nary way; as most that saw them did think so. But it was in another kind done; though all was printed indeed, and not written, as some may conceive at the reading of the titles of the books.

110. 3. The third work was occasioned and effected upon a letter sent to Gidding from a person of honour, that the prince, having seen the king his father's book, that was first of all presented him of the Concordance of the Four Evangelists, &c., would have fain begged it of the king; but he told him, he might not part with that rich jewel, for he daily made use of it; but if he desired one, he made no question, but the same heart and hands that framed his, would fit him also with one for his use; and hoped he would make good use of it, for it was the book of books, &c.

111. Upon the intimation given of the prince's desire, though Mr. Nicholas Ferrar, senior, was then with God, yet his young nephew, that bare his name, whom his uncle entirely loved (not permitting him to be anywhere brought up but at Gidding, and under his own eye), having seen all the former works done in the house ; his beloved kinswomen, that were the handy-work-mistresses of the former, were also most willing to lay to their helping assistances ; so the young youth, having attained to the knowledge of many languages (as you shall hear hereafter, being a study that his wise, judicious uncle, Nicholas Ferrar, had put him upon, finding him every way fitted naturally for such knowledge), they laying their heads together, thought a concordance of four several languages would be most useful, and beneficial, and pleasant to the young princes disposition; and so, in the name of God, after all materials were provided and ready, they uniting their heads and hands lovingly together, setting apart so many hours in the forenoons, and so many in the afternoons, as their other exercises and occasions permitted, constantly met in a long fair spacious room, which they named the concordance chamber, wherein were large tables round the sides of the walls, placed for their better conveniency and contrivement of their works of this and the like kind; and therein also were placed two very large and great presses, which were turned with iron bars, for the effecting of their designs.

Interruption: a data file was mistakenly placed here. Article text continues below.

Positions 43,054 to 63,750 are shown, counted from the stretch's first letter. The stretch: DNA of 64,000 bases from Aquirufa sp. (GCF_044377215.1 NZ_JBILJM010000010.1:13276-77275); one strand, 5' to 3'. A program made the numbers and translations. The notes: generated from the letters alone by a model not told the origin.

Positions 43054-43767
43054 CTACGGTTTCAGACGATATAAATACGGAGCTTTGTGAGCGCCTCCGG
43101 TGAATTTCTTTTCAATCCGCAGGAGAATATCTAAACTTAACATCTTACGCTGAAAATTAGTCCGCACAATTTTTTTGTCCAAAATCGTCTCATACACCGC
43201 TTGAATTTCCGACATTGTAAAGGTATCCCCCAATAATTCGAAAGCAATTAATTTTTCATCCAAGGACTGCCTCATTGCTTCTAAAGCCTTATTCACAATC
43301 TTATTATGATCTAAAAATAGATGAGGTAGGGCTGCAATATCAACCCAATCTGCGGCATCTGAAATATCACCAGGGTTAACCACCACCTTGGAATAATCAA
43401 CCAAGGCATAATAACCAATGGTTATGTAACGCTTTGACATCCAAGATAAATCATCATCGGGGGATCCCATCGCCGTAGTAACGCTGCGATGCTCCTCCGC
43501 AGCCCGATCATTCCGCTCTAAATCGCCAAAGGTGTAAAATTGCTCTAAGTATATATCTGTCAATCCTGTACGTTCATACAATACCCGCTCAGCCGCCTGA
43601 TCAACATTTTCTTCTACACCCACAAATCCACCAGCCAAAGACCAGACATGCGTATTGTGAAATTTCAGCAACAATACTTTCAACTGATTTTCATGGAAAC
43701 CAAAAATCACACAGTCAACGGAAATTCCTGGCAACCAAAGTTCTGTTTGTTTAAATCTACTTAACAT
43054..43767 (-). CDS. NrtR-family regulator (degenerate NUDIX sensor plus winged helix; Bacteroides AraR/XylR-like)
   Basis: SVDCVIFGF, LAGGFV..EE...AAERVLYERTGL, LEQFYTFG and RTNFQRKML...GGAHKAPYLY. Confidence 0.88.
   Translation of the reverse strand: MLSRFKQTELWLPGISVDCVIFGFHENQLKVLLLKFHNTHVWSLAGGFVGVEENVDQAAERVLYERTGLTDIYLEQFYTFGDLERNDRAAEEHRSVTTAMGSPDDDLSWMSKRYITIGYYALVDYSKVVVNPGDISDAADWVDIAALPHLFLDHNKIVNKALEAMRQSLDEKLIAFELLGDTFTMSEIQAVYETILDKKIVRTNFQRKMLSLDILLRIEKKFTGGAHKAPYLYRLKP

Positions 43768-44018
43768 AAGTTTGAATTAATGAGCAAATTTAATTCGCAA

112. And now we are in the concordance room, (which was all coloured over with green pleasant colour varnished, for the more pleasure to their eyes, and a chimney in it for more warmth, as occasion served), let me here relate, that each person of the family, and some other good friends of their kindred, gave each their sentence, which should be written round the upper part of the walls of the room; that so when they entered the chamber, or at any time looked up from the walls, these sentences presented themselves to their eyes. As you entered in at the door into the room, over your head at that end was written that sentence of

scripture', that their uncle, of blessed memory, did frequently use upon several occasions.

113. At the upper end was written high upon the wall:

Glory be to God on high,
Peace on earth, good will toward men.
Prosper Thou, O Lord, the work of our hands.

O prosper Thou our handy works. And under it (on each side of that upper window), on the one side was written:

Thou art too delicate, O brother, if thou desirest to reign both here with the world, and hereafter to reign with Christ in heaven. And on the other side of the window:

Innocency is never better lodged than at the sign of Labour. And then on both sides of the walls there are written: